Please see below for further information about UK Requirements.

This material is for informational purposes only -and it is not intended as legal advice. We encourage you to consult your legal counsel if you have any questions about the laws and regulations related to the footwear you sell. This material only reflects the position at the date of writing and requirements in the EU and the UK may change – particularly in light of the developing position with Brexit. You should refer to current UK Brexit guidance about your products (see below) to learn more about changes that may affect you following the end of the transition period.

EU Requirements

What footwear does the Labeling of Footwear Components Directive apply to?

The Labeling of Footwear Components Directive applies to footwear, which includes all articles with applied soles designed to protect or cover the foot, including the upper part, lining and sock, and the outer sole. Annex II sets out that “footwear may range from sandals with uppers consisting simply of adjustable laces or ribbons to thigh boots the uppers of which cover the leg and thigh.” Examples of footwear therefore include: flat or high-heeled shoes for ordinary indoor or outdoor wear, orthopedic footwear, disposable footwear (with applied soles, generally designed to be used only once), ankle-boots, half-boots, knee-boots, and thigh boots.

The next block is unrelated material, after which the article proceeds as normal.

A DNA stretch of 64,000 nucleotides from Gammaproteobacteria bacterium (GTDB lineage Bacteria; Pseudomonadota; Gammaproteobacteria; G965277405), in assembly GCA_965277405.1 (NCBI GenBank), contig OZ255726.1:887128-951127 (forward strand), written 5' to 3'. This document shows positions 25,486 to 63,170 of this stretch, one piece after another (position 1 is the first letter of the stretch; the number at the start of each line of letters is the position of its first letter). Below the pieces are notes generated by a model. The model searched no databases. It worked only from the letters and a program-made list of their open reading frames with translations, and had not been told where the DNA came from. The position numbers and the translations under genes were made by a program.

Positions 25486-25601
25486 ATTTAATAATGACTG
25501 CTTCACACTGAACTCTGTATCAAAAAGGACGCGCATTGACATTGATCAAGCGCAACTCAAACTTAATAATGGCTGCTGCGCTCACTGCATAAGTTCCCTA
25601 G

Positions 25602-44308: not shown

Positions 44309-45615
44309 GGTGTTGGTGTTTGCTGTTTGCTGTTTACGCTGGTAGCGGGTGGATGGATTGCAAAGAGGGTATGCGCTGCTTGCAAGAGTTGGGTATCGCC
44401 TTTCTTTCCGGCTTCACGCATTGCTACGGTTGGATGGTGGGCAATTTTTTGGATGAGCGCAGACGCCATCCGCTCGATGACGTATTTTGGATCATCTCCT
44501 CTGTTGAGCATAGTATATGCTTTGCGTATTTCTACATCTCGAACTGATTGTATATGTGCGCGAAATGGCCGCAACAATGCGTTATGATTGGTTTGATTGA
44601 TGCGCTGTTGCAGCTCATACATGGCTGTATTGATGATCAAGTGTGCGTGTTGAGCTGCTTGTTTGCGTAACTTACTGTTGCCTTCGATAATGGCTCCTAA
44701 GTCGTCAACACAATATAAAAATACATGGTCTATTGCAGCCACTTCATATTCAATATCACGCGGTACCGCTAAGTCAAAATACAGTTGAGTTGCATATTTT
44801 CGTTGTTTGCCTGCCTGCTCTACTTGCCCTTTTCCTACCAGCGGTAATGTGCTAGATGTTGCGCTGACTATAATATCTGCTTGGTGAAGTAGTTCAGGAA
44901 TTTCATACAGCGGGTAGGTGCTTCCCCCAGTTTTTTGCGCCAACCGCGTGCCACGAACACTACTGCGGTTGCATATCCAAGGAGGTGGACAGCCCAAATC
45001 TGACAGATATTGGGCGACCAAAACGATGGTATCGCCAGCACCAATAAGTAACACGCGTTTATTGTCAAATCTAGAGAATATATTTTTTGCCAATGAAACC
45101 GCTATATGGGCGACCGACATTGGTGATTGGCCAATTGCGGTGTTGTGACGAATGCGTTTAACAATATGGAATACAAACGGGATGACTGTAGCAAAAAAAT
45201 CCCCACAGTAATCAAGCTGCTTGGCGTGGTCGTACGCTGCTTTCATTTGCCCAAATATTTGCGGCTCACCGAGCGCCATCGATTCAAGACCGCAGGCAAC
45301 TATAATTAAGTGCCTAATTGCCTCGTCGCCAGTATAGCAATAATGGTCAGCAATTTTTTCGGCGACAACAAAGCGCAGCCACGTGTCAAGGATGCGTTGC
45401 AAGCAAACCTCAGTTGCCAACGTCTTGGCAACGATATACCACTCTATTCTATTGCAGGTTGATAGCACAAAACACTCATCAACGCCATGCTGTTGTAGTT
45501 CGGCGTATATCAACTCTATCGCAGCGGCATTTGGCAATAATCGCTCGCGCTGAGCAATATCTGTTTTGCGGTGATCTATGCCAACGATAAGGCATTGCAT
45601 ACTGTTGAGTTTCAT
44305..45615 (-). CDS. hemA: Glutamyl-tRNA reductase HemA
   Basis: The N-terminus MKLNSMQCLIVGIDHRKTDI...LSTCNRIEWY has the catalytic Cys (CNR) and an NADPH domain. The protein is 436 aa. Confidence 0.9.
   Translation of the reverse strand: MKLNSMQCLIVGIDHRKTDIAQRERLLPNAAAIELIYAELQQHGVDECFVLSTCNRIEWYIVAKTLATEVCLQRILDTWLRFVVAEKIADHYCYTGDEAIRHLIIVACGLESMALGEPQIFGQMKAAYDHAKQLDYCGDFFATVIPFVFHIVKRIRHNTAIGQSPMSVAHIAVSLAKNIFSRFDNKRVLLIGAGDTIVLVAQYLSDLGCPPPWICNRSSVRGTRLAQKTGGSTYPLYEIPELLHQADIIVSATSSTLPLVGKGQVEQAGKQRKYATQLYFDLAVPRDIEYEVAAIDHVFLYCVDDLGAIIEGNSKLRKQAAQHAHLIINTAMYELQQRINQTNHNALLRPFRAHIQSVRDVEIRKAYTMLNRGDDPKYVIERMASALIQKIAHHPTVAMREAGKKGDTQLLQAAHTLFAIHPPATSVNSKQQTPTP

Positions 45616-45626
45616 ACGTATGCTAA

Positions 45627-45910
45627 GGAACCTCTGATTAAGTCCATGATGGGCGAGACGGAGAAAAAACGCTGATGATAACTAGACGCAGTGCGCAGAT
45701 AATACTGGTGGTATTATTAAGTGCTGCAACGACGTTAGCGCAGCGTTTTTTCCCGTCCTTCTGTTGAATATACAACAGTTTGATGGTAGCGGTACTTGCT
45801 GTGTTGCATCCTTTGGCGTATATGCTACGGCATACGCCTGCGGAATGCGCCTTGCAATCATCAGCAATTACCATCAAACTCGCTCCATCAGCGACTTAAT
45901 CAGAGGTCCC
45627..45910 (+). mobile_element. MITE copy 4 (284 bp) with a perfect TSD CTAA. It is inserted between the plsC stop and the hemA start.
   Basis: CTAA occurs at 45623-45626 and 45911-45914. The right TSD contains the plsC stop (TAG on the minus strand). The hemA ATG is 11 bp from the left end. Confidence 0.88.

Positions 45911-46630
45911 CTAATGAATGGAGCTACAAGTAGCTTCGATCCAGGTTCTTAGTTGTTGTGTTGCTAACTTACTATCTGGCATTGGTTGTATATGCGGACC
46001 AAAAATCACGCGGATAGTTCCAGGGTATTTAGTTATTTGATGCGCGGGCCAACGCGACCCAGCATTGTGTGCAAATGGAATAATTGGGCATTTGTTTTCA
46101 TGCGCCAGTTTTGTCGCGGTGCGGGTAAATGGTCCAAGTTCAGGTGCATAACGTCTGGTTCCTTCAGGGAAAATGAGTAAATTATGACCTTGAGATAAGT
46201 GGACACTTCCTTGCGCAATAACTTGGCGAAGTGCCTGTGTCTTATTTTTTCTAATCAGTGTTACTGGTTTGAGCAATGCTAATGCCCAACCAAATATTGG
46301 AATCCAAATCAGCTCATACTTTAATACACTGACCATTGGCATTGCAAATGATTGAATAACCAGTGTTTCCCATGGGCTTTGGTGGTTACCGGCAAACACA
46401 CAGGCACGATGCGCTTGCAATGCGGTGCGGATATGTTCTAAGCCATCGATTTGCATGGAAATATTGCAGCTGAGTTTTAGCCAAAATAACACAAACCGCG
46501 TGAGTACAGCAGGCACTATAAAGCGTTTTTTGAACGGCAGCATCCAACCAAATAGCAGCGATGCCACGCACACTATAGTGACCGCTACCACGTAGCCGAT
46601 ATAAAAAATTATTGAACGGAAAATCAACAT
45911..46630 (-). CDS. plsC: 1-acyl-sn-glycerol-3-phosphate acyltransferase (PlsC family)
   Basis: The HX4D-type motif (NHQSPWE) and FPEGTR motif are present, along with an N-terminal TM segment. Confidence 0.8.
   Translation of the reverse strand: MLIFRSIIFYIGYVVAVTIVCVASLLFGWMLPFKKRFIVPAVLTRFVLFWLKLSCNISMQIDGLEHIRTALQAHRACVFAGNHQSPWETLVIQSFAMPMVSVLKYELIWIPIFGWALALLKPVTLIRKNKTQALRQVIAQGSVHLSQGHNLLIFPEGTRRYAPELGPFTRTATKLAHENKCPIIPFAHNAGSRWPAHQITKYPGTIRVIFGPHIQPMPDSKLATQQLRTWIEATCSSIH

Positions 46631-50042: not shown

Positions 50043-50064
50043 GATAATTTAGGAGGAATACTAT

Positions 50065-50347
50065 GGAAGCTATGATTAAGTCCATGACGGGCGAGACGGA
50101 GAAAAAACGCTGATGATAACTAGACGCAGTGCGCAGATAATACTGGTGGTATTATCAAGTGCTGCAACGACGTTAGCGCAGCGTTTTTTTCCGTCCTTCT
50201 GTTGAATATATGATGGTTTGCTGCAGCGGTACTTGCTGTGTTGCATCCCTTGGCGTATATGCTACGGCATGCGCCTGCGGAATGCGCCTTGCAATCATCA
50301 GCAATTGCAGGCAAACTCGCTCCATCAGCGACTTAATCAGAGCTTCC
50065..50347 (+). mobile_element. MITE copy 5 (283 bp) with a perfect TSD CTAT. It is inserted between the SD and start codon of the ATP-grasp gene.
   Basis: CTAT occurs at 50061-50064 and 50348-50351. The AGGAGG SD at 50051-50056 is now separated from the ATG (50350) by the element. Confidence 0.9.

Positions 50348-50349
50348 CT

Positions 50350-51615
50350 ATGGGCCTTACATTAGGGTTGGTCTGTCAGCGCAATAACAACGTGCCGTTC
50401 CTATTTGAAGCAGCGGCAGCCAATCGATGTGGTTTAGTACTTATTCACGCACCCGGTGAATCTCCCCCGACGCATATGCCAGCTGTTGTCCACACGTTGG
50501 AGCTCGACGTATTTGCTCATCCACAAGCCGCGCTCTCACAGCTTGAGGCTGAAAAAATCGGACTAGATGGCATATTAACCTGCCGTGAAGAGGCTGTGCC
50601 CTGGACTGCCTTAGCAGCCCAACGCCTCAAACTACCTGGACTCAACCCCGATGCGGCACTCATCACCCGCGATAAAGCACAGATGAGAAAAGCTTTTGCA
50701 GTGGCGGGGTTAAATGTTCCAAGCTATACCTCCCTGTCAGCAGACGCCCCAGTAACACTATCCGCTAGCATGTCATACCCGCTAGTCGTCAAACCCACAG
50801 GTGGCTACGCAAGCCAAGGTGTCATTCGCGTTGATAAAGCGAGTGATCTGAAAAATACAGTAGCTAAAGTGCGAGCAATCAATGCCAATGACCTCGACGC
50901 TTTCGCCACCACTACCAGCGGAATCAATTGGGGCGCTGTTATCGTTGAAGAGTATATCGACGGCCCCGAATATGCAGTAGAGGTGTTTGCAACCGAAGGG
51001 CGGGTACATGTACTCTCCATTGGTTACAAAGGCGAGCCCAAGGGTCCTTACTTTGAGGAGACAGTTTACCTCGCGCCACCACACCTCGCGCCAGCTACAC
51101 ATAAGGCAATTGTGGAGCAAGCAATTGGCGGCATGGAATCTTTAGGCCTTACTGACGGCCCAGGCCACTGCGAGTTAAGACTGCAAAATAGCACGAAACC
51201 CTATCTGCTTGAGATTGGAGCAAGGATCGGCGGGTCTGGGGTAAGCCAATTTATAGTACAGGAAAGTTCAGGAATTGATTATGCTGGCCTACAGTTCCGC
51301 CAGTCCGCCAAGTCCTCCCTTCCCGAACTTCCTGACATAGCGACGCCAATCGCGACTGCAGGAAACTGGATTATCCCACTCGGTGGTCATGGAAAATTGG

There are some exclusions including second-hand footwear, certain protective footwear, and toy footwear.

What are the key obligations under the Labeling of Footwear Components Directive?

Footwear labeling must provide the consumer with information about three main parts of the footwear: the upper, the lining and sock, and the outer sole. This is done using pictograms or written indications in the official language(s) of the Member State in which the product is made available for sale or supply.

The relevant materials (leather, coated leather, textiles, and other materials) must also be indicated using pictograms or written indications in the official language(s) of the Member State in which the product is made available for sale or supply.